Sam Rockwell gives an update on 'Backseat', the Dick Cheney movie from Adam McKay in which he plays former US President George W. Bush.
'Three Billboards Outside Ebbing, Missouri' is gloriously in-line with Martin McDonagh's distinct sensibilities – and he has no plans to change either.
While the Hollywood sex scandal loomed large over last night's Golden Globes, one subject failed to make it into a single speech made by any of the male award winners.
Sam Rockwell's Officer Dixon discovers the potentially explosive billboards of the film's title in this exclusive new sneak peek at Martin McDonagh's 'Three Billboards Outside Ebbing, Missouri'. After months have passed without a culprit in her daughter’s murder case, Mildred Hayes (Academy Award® winner Frances McDormand) makes a bold move, commissioning three signs leading into her town with a controversial message directed at William Willoughby (Academy Award® nominee Woody Harrelson), the town's revered chief of police. When his second-in-command Officer Dixon (Sam Rockwell), an immature mother’s boy with a penchant for violence, gets involved, the battle between Mildred and Ebbing's law enforcement is only exacerbated. 'Three Billboards Outside Ebbing, Missouri' is in UK cinemas 12 January.
Sam Rockwell is in final talks to play former President George W. Bush in Adam McKay’s “Cheney.” Christian Bale is portraying former Vice President Dick Cheney in the Annapurna Pictures film about his rise to power to become one of the most powerful vice presidents to ever hold that office. Steve Carell will play Secretary of... Read more »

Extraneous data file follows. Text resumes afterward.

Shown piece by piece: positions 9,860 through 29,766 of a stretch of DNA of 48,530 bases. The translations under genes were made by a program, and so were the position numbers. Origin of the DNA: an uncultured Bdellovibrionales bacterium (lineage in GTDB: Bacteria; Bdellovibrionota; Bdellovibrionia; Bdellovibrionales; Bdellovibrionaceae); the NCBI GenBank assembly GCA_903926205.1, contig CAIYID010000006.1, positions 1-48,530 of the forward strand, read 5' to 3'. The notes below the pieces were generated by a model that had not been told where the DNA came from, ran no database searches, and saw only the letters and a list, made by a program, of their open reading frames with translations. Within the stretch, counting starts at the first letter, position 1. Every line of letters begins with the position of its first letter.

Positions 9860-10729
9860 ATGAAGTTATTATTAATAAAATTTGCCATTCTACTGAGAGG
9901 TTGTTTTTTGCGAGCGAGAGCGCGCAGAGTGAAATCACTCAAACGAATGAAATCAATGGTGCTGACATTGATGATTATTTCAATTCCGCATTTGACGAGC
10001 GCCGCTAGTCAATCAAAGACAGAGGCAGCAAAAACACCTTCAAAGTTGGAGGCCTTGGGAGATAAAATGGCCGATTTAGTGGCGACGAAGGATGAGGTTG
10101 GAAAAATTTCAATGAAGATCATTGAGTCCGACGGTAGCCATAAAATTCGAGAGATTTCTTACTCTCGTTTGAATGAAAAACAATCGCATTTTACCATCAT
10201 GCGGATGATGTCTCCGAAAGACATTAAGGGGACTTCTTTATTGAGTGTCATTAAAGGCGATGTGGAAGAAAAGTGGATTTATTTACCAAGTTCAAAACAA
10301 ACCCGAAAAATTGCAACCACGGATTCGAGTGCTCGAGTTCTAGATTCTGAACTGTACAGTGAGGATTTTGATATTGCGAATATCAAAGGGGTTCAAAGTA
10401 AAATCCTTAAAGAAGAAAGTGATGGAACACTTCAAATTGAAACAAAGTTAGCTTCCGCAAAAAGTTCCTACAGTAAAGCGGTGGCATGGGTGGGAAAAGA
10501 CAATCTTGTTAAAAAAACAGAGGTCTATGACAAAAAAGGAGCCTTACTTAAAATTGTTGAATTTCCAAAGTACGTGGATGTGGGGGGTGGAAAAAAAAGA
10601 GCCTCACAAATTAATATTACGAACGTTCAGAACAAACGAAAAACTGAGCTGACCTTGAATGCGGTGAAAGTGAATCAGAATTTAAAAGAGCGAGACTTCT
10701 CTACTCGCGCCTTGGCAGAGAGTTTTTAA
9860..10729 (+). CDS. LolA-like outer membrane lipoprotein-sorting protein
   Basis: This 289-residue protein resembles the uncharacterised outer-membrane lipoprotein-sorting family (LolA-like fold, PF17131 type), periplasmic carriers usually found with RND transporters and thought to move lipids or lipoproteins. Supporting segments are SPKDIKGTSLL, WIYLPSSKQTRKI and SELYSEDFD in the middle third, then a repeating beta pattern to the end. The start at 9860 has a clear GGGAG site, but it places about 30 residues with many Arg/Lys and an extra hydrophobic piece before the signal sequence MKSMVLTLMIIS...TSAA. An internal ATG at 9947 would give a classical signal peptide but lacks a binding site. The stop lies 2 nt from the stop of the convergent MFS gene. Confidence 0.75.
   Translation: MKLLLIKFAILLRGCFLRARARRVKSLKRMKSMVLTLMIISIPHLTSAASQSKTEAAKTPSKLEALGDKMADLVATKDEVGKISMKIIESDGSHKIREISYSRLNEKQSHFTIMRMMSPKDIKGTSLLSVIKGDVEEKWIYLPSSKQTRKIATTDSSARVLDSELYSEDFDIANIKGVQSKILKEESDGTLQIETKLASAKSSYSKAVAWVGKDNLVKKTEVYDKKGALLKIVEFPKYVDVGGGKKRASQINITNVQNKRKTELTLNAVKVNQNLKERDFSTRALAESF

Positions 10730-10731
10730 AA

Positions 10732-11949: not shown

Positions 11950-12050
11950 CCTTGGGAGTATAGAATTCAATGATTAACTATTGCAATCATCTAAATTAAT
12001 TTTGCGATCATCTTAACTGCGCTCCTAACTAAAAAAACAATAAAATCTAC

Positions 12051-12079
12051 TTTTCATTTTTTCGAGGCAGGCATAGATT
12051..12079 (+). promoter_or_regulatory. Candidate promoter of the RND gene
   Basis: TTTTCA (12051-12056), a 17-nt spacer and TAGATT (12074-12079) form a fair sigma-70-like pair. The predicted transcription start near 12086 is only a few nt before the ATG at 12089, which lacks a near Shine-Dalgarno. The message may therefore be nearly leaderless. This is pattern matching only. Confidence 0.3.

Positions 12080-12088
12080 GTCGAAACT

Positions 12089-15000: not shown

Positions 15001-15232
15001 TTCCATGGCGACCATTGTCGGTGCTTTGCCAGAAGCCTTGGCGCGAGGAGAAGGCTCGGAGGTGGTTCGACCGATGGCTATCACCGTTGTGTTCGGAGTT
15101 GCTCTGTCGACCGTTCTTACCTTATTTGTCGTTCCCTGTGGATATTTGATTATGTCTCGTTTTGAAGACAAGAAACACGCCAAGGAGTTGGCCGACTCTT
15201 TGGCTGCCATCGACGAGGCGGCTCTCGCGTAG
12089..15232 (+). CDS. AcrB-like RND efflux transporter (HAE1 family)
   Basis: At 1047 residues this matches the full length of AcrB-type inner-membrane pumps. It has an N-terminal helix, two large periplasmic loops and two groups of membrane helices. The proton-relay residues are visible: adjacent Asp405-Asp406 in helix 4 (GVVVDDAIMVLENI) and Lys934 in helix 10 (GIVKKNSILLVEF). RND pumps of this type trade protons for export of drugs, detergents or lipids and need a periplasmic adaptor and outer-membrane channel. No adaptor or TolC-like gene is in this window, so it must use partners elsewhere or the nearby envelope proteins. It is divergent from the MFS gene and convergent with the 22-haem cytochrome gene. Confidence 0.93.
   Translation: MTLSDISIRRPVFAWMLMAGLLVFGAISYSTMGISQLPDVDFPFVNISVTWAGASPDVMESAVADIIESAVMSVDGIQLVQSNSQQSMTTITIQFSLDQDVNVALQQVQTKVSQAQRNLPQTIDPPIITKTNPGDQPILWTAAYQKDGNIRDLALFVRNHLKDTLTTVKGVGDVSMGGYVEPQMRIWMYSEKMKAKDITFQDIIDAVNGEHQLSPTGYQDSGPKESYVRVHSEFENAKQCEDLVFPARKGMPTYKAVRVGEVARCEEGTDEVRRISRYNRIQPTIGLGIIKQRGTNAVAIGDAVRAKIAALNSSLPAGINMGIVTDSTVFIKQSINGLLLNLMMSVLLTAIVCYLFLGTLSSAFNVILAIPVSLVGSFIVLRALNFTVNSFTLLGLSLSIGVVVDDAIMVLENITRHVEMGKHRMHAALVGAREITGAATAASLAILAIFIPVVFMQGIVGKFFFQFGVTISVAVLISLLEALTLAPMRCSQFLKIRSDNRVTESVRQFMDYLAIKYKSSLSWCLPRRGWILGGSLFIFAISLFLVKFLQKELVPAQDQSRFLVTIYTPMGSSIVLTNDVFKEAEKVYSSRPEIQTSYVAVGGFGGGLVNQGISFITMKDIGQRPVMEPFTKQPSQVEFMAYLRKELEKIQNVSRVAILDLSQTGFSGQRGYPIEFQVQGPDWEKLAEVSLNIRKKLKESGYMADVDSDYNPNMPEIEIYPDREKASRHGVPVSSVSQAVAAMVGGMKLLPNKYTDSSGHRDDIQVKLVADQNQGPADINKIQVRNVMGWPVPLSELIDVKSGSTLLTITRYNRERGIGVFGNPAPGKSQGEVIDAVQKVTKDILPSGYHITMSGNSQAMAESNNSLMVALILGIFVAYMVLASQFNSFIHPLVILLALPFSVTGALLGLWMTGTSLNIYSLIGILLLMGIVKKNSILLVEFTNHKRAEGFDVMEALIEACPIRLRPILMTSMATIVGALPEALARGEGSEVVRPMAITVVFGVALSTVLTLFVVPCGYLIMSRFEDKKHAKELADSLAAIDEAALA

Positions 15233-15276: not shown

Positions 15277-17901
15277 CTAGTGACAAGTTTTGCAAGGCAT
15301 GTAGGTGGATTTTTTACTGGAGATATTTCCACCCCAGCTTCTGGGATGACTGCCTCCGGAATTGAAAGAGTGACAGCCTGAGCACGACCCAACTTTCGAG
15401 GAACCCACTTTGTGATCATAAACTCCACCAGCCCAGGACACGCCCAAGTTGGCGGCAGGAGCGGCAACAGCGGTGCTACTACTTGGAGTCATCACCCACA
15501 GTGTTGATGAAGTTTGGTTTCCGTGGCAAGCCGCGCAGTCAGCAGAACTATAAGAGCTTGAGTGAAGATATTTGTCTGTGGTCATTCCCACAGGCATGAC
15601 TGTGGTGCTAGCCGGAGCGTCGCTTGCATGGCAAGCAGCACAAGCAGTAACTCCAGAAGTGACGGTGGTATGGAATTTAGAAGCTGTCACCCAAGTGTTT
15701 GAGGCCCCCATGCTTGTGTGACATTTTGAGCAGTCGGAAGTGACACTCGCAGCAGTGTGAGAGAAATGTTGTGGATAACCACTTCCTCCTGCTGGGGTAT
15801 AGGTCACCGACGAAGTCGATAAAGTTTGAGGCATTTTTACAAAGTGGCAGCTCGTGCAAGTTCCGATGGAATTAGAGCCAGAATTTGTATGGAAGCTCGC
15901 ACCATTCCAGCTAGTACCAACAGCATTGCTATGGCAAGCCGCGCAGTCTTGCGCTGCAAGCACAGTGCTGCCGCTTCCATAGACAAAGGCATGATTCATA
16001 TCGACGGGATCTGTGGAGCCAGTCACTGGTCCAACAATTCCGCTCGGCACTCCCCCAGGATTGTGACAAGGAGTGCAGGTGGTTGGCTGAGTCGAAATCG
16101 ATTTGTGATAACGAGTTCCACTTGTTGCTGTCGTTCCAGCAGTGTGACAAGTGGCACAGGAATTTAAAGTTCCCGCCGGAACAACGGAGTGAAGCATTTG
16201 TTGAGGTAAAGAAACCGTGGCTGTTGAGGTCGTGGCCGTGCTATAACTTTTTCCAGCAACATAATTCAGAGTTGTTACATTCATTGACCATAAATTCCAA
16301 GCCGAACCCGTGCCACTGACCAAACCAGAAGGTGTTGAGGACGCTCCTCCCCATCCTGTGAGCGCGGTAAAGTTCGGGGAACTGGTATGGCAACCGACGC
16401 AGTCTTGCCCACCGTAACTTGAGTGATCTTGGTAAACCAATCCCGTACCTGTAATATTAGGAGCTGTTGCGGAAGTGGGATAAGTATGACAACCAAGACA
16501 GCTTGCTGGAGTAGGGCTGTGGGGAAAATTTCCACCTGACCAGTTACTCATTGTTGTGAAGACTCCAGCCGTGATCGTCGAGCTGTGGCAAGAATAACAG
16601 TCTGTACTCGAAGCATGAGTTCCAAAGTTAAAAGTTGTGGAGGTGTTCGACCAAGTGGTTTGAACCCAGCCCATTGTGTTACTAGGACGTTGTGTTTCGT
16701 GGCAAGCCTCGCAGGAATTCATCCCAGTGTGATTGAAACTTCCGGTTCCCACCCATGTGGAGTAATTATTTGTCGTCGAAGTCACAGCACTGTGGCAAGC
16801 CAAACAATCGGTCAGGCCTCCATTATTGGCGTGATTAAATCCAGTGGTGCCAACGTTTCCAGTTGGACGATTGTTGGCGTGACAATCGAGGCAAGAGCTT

Directed by Martin McDonagh, whose previous foul-mouthed crime-movie hits include In Bruges and Seven Psychopaths, Three Billboards Outside Ebbing, Missouri looks like it’ll strive to balance somber drama with ludicrous comedy via the story of McDormand’s grieving mother, whose increasingly outrageous efforts to get the attention of Harrelson’s law enforcement bigwig (via punches, kicks, and Molotov cocktails) is a little too successful. What ensues is chaos of a severely combative — and very foul-mouthed — sort, with McDormand looking like she’s relishing the opportunity to play a woman who does, and says, exactly what’s on her furious mind.